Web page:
Donating Old Clothes to Charity

The textile industry still stands as one of the biggest in the entire world; after all, everyone needs clothes to wear for work, everyday life, and formal events, and a dazzling variety of clothes are produced, shipped, and bought around the world. The United States is a particularly voracious market for clothing, and today, Americans’ wardrobes are bigger than ever. The bad news is that often, these clothes go to waste, and are thrown away and sent to landfills or are shredded for industrial use instead of being sent to charities where military families, needy families, and others can make much better use of them. Helping families in need is a long-standing American tradition that is often done through well-established brand names in the charitable donations industry, but Americans, as a whole, could always donate more, and military families and the less-fortunate will always welcome additional donations any time of the year, and giving away to charity can have the added bonuses of reducing landfill clutter and streamlining people’s wardrobes. How often are clothes wasted, and what are the steps to reverse this trend and donate to military families and the needy? What steps can be taken?

Clothing and Waste

It is a simple, statistical truth that Americans often waste clothes and textiles every year, so people are encouraged to help reverse this trend and donate clothes whenever possible. What do the numbers show? The Council for Textile Recycling has shown that the United States will produce about 25 billion pounds of new clothes and textiles every single year, but about 85% of that will end up in landfills sooner or later rather than going to needy military families or others in need. In the year 2011, for example, the recovery rate for old clothes was around 15.3% percent, only a fraction of what is actually produced, and these clothes, if sent through the proper channels, could go to veteran charities and more. But data shows that around 12 million tons of clothes are simply discarded every year, headed for landfills. In other cases, these clothes are used for industrial rags or shredded to be used as furniture stuffing, rather than to charities and donation boxes. This amounts to about 82 pounds of textile trash per person, per year. If more donations are made, then landfills will be a little less cluttered, and many more needy families can get the donations that they always need.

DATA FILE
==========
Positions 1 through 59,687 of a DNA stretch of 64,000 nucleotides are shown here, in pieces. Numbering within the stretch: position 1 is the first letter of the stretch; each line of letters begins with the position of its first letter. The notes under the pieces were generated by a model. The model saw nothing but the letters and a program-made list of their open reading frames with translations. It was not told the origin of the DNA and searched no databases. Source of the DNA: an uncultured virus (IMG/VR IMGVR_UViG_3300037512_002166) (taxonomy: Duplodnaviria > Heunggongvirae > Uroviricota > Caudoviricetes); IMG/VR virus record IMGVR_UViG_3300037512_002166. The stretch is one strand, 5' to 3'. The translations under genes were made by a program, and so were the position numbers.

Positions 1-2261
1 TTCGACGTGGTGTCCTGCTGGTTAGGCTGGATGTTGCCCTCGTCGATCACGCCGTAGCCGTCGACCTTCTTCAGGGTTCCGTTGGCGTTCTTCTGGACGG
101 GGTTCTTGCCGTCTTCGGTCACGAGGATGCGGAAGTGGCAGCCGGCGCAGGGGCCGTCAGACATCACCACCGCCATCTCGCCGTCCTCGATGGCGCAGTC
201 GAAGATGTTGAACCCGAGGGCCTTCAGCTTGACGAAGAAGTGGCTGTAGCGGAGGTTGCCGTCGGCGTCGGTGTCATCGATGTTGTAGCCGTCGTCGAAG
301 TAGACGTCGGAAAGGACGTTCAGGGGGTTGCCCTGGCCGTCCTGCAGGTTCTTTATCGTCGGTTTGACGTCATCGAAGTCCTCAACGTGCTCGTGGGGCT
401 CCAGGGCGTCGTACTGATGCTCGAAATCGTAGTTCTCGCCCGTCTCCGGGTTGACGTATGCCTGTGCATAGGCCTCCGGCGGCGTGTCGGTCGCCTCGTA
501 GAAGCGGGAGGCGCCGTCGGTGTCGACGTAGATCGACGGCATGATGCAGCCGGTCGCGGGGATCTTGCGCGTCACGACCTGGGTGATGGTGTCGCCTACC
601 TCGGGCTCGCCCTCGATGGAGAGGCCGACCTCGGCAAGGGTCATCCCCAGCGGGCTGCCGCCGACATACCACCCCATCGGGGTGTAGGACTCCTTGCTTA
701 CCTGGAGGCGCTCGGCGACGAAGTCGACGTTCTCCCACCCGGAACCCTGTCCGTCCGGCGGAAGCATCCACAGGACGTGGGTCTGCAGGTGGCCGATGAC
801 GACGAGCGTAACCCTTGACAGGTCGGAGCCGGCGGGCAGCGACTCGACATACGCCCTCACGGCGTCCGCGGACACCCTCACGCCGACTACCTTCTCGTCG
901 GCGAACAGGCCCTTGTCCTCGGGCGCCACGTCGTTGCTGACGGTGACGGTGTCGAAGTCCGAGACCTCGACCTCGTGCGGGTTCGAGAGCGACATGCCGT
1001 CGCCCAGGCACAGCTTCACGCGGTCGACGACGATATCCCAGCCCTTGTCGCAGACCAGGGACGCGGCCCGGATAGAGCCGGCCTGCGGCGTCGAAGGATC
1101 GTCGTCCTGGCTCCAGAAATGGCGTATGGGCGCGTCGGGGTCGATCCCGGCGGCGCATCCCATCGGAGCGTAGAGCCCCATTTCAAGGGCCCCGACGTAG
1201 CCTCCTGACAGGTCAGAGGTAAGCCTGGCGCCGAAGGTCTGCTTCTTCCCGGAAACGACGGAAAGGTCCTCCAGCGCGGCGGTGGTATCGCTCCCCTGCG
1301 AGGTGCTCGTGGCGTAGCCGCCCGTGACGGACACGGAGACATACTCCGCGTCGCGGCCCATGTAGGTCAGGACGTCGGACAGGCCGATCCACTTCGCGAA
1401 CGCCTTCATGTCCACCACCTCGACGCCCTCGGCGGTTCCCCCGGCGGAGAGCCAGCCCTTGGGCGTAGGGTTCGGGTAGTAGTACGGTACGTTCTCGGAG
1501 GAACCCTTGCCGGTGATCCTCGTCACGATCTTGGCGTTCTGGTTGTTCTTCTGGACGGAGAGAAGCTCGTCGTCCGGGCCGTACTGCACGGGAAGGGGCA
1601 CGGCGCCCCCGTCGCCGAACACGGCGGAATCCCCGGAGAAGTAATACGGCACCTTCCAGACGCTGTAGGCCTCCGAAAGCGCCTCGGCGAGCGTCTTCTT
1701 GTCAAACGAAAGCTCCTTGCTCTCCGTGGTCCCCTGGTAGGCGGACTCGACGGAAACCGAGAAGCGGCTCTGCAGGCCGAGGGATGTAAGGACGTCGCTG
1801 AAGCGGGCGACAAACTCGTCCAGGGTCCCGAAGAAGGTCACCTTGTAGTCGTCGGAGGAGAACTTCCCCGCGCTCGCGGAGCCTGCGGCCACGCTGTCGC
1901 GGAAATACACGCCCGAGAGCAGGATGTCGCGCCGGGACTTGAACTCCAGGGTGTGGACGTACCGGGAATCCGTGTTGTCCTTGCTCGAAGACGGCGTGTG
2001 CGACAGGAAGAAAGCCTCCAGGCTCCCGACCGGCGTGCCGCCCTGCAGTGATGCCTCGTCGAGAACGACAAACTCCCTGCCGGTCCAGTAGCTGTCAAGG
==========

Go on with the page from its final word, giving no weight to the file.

Where Can I Donate Clothes?

The good news is that it is never too late to take part in reversing these trends of clothing waste, and choosing to help take part in charity drives for military families is easy and does not even cost anything aside from gas money driving to charity pickup sites. Asking oneself “how to donate to charity?” is the simple first step, and the rest that follows is a straightforward process that can do a lot of good for needy families. To begin, a person, or their entire household, can gather all clothing that is in the home and assemble it into one big pile, so that a comprehensive inventory can be taken. Shoes, gloves, hats, shirts, jeans, dresses, coats, and even scarves can all be gathered in this manner, and many people may be surprised by how much they have, and how much they don’t intended to keep, once they create this tangible inventory.

Now, a person, and anyone involved, can simply start picking through this huge inventory and carefully choose which clothes they need for their everyday lives and which clothes are desirable and in the best condition, and keep them. The rest of the older clothes, or the redundant or worn out ones, can all be gathered into boxes or bags and packed up for transportation. The kept clothes can be put back (this has the benefit of streamlining the household’s inventory) and the clothes to be donated are prepared to move out. The charitable person can then perform a simple Internet search for “charity pick ups near me” and find the address and directions to local pick-up sites for the needy and military families. Then, the charitable person can simply drive all their donations to the pick-up site and simply drop them off.

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